2. Megan — YES!!! This is exactly the same advice given to me when I was considering grad school, as well. The director of the program to which I was applying didn’t frame it as “Ignatian”, but I went to a Jesuit university for undergrad and this type of discernment resonated with me.

      How amazing that you used this process and it gave you 2 different outcomes. A great reminder that we can change and grow so much, and be ready for something we previously weren’t ready for.

      1. Mia — how fascinating that we were given the same advice for the same situation, but I was also educated by the Jesuits (and given this advice by a Jesuit spiritual director) so I shouldn’t be surprised! 🙂 It’s truly such a helpful tactic.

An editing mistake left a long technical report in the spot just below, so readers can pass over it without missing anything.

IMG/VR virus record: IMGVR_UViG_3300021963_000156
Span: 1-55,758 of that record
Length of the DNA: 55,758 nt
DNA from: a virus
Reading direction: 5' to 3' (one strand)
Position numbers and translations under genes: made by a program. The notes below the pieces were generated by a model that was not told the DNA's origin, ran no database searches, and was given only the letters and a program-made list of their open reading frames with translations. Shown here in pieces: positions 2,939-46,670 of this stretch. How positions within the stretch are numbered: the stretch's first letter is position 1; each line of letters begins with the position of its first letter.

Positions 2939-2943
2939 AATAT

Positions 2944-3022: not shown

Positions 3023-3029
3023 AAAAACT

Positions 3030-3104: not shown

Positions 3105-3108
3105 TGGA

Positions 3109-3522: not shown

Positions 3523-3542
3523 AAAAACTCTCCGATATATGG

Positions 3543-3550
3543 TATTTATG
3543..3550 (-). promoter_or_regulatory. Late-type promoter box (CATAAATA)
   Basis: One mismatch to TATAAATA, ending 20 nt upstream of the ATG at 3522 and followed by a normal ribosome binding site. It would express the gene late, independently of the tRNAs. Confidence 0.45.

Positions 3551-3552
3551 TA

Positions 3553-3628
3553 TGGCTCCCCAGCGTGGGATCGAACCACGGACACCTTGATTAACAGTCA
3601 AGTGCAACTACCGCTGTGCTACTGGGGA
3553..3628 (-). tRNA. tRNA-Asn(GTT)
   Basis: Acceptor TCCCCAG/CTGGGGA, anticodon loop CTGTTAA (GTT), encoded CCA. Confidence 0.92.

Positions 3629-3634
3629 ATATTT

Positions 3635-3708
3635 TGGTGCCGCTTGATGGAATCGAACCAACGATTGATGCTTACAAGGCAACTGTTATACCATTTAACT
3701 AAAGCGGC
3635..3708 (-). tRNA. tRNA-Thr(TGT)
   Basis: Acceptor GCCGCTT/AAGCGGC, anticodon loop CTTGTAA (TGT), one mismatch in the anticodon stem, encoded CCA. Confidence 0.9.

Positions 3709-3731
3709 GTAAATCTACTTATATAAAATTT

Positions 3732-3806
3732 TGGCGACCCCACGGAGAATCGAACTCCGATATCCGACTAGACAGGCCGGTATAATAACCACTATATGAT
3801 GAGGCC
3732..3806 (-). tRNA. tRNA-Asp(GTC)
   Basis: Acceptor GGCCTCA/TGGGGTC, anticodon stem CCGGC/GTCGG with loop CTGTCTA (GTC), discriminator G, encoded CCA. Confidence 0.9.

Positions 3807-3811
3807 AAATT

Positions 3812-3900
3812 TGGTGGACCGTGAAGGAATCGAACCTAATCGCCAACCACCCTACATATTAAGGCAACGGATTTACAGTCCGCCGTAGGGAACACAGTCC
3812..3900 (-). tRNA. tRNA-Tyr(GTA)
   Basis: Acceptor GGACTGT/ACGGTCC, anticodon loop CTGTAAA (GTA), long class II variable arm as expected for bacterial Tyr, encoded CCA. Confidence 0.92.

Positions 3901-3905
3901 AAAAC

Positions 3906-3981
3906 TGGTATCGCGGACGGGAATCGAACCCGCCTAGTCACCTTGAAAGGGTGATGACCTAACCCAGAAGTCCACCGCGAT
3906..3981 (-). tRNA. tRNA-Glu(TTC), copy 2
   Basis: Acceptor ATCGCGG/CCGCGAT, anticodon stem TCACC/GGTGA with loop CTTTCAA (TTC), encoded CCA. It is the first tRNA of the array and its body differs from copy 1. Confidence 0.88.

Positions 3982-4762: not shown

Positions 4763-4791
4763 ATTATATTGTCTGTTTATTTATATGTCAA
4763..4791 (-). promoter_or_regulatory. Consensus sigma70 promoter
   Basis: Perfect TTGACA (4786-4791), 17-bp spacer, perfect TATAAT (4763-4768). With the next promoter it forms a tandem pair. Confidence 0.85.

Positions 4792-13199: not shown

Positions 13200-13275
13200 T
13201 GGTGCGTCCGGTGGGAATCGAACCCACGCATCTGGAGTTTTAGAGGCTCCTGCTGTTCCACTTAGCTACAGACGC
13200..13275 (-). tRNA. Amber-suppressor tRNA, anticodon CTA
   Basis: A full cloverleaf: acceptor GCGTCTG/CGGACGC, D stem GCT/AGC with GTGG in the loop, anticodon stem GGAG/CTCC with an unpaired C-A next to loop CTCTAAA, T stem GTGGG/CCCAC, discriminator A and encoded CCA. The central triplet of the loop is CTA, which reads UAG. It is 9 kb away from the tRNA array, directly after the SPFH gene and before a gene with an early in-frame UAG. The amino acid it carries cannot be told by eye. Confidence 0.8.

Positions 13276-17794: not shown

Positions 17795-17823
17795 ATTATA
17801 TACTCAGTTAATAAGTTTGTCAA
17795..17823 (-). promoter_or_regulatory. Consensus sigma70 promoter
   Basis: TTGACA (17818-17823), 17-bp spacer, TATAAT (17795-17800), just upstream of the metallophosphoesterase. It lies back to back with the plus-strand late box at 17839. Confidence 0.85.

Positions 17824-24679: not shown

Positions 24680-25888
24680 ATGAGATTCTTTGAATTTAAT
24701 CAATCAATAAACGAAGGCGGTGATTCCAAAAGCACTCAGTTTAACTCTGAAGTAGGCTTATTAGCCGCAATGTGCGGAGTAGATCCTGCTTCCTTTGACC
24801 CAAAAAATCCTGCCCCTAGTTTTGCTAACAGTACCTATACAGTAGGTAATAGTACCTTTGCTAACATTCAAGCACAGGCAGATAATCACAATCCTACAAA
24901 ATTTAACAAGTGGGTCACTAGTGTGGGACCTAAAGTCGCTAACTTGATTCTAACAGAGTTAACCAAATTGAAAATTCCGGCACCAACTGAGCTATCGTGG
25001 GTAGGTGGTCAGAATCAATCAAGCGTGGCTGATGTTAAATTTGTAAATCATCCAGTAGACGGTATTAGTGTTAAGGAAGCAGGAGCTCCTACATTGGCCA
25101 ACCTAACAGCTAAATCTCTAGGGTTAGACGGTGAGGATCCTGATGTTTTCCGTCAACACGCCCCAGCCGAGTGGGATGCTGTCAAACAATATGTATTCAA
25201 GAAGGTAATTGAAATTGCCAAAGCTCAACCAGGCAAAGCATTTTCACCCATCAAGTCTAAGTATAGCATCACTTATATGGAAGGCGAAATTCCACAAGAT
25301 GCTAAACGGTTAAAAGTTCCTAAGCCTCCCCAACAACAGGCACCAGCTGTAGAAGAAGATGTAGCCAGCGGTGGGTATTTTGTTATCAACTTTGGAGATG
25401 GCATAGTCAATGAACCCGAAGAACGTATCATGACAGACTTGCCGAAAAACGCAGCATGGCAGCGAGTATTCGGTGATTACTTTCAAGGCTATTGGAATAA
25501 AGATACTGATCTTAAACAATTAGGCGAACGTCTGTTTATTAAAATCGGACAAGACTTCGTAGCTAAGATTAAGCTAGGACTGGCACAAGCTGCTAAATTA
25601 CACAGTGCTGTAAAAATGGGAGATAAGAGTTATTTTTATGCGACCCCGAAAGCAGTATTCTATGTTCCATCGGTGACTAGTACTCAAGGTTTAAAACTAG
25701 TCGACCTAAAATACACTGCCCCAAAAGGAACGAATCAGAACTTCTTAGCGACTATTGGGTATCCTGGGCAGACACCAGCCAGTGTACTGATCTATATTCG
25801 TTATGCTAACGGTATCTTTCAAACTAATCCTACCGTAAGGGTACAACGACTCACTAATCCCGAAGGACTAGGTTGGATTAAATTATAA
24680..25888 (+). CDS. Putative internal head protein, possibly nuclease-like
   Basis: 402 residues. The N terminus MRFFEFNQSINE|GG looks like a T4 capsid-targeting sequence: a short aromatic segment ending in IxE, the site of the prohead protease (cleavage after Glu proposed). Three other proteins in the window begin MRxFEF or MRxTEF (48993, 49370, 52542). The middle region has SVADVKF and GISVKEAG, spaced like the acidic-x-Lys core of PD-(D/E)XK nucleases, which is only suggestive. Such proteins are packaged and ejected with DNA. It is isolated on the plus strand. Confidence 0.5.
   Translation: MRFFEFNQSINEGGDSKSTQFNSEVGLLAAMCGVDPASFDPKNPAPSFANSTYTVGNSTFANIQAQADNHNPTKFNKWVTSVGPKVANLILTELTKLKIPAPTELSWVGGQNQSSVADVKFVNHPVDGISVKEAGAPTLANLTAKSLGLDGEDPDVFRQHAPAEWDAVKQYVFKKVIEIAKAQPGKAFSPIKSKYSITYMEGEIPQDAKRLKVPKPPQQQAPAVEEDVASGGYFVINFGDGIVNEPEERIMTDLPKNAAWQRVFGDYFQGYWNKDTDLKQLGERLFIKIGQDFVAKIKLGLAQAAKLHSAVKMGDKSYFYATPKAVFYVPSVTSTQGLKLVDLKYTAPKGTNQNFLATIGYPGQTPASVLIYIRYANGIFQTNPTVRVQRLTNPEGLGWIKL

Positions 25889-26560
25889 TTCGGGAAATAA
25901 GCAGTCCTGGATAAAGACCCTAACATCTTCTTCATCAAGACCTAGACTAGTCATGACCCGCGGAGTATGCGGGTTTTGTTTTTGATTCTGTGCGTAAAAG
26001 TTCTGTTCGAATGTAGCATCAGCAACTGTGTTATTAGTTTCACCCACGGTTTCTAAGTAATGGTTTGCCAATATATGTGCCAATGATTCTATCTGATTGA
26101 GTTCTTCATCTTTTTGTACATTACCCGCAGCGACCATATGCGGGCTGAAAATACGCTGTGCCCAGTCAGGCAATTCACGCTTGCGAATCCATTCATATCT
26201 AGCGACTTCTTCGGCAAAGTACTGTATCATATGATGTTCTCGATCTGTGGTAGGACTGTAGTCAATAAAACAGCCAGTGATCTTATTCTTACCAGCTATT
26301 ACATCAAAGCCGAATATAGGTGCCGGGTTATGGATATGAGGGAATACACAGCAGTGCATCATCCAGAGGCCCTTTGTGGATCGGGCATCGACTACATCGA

6. The cover of that Williams audiobook looks like exactly what I want to read in the summer! Never thought of audiobooks during dental cleanings but why not?

    For those pondering a decision, may I recommend Emily P. Freeman? She has several books and a podcast focused on doing “the next right thing.”

    Also, I loved being reminded that very little in life is permanent! I tend to feel like I’ll be stuck regretting a decision – but I am not powerless to make another decision in a different direction.

    1. Thank you for the rec — I like the idea of “doing the next right thing.” (Also a song from Frozen II? Not a bad message for a children’s flick!)

      Yes, can’t recommend listening to the podcast while in the dental chair. Really distracted me!


  7. Love this reflection, Jen. In my work, I often tell clients there are no right or wrong decisions. There’s just decisions you make for reasons you like. I find that framing takes so much pressure off the situation.